210701ind History

This property located at 168 Beach Street in North Kingstown was constructed in 1898 and has had a variety of owners in its time.

Just this past week, my dear friend and one of my partners in eking out the details of the history of our fair town has retired. Karen-Lu LaPolice worked for the North Kingstown Planning Department for decades and, after that, with a private company here in town. She possesses a near photographic memory, a clever sense of humor and heart as big as all outdoors. The Henry L. Tiffany Cottage, located at 168 Beach Street in North Kingstown, is important to her.

This gambrel-roofed cottage was constructed in 1898 by Providence/New Bedford based textile magnate Henry L. Tiffany. Henry Tiffany, a relation to the New York City jewelry Tiffany’s, was an executive with the New England Cotton Yarn Company, located in Providence, and the founder and President of the Kilburn Mill, a textile mill that was, in its heyday one of New Bedford’s largest employers. In 1894, Henry and his wife Elizabeth (Tiffany) had purchased the old Poplar Point Lighthouse and had converted it into their summer getaway. Henry Tiffany, an avid yachtsman with a penchant for Herreshoff constructed sailing yachts, appreciated the old Lighthouses location right on the water, only a short sail away from the busy social scene in Newport.  Tiffany built this small cottage and the one adjacent to it initially as either caretaker/servant housing for the nearby Poplar Point property, or as investment properties to help financially support his summer home here.  According to census data, by 1900, Tiffany had rented this house to Ralph Leonard, who was a fireman on a local rail line, and his extended family which consisted of his wife Annie, their children Almira and Florence, Ralph’s 13 year old brother-in-law Charles Williams, and his grandmother Mary Willis. In late 1907, Henry Tiffany sold this income producing rental house to Henry Napoleon Rice. A year later he sold the lighthouse property as well.

Henry and Ella (Stanton) Rice moved in with two of their daughters, Amy and Saraphina. Henry was a local carpenter, who had worked for a number of years in the village, and his adult daughters also worked locally, Amy as one of the very first telephone operators in Wickford and Saraphina as an accountant for one of the oyster companies on nearby Pleasant Street. Sadly, within nine years, both Henry and Ella had passed away, and the house became the property of Amy Rice. Amy, who had worked as an operator initially in the bottom floor of one of the nearby tenement houses at the intersection of Updike and Beach Streets, now worked as the chief operator in the newly constructed phone company building on Phillips Street.  She  lived then with her sister Saraphina, who had married one of the boat captains, Joseph Baker.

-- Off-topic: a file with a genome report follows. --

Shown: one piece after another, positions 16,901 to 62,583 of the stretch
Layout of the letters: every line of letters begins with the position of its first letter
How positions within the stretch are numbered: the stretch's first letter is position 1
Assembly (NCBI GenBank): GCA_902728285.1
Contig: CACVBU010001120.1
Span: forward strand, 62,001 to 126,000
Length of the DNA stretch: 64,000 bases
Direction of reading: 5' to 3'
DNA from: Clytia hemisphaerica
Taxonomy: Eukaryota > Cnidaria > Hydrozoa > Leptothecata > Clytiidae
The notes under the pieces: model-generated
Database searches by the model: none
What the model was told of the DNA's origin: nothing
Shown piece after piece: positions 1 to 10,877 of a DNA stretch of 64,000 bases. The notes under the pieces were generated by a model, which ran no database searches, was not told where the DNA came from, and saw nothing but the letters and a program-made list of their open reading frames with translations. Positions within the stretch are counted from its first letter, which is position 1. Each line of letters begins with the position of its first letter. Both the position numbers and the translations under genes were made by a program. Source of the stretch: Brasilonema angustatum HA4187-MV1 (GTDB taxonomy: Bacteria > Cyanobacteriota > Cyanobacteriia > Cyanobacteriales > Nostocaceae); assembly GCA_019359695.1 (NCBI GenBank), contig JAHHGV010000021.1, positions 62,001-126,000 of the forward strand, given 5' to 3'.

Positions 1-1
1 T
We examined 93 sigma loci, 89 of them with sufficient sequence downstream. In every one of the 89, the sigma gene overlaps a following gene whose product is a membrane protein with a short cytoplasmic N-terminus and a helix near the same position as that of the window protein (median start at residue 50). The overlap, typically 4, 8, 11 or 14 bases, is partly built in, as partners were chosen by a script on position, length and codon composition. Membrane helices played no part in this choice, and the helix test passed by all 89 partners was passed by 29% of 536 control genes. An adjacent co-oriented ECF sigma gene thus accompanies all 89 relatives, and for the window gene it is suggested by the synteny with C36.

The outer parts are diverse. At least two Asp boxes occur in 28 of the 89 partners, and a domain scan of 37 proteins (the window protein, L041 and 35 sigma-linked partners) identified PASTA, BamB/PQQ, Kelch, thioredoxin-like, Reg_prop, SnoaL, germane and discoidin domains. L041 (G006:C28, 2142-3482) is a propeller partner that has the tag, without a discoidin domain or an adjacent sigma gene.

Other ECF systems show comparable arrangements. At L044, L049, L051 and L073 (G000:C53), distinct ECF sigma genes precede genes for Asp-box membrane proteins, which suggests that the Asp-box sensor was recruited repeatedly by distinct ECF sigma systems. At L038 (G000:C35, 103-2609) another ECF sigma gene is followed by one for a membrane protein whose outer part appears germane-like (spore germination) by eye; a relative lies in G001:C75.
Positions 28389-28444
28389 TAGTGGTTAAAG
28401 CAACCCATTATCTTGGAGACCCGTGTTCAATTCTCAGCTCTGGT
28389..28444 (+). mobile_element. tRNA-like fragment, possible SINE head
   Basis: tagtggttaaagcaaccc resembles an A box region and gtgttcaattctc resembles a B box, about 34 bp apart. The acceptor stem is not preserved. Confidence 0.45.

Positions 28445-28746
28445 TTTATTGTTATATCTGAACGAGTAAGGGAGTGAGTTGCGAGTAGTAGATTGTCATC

In 1921, Joseph and Saraphina Baker moved into their own home in Wickford and Amy, who never married, sold this home and moved in with her other sister Minnie Sherman, who was the Exeter postmistress, and her family. She sold the house to Ella Steere.

Ella was the widow of Pawtucket based textile magnate Oscar Steere, a man who certainly had been acquainted with Henry Tiffany. The Steeres too, had summered just outside of Wickford, but had eventually settled here full time. Ella bought this house as an investment property, but didn’t own it for very long. Upon her death in 1923 she left the house to her daughter Minnie.  Minnie Samuels held on to it as well as an investment property renting it out as her mother had before her. When she died suddenly in 1940, at the age of 52, the house was left to her second husband Joseph Samuels, who then moved into it with their son Allen. Joseph Samuels worked as a life insurance agent for Metropolitan Life and by the time of his wife’s unforeseen death was managing a branch office for Metropolitan. They had had Allen late in life and he suffered from Down’s syndrome. Allen was a gentle soul and was well liked by all in the village of Wickford. Father and son continued to live in this little cottage until late October 1959 when tragedy struck and Joseph Samuels was hit by a car and killed as he crossed Boston Neck Road at its intersection with Beach Street.  Allen moved to Florida to live with relatives and the house was sold out of Joseph’s estate by Norman Middleton, Minnie’s son by her first husband.

The house was purchased Malcolm Jenne in 1960, who owned it and lived in it with family which included the ever-effervescent Karen-Lu (Jenne) LaPolice, until 1973. It has been owned since then by the MacLean family.

The author is the North Kingstown town historian. The views expressed here are his own.

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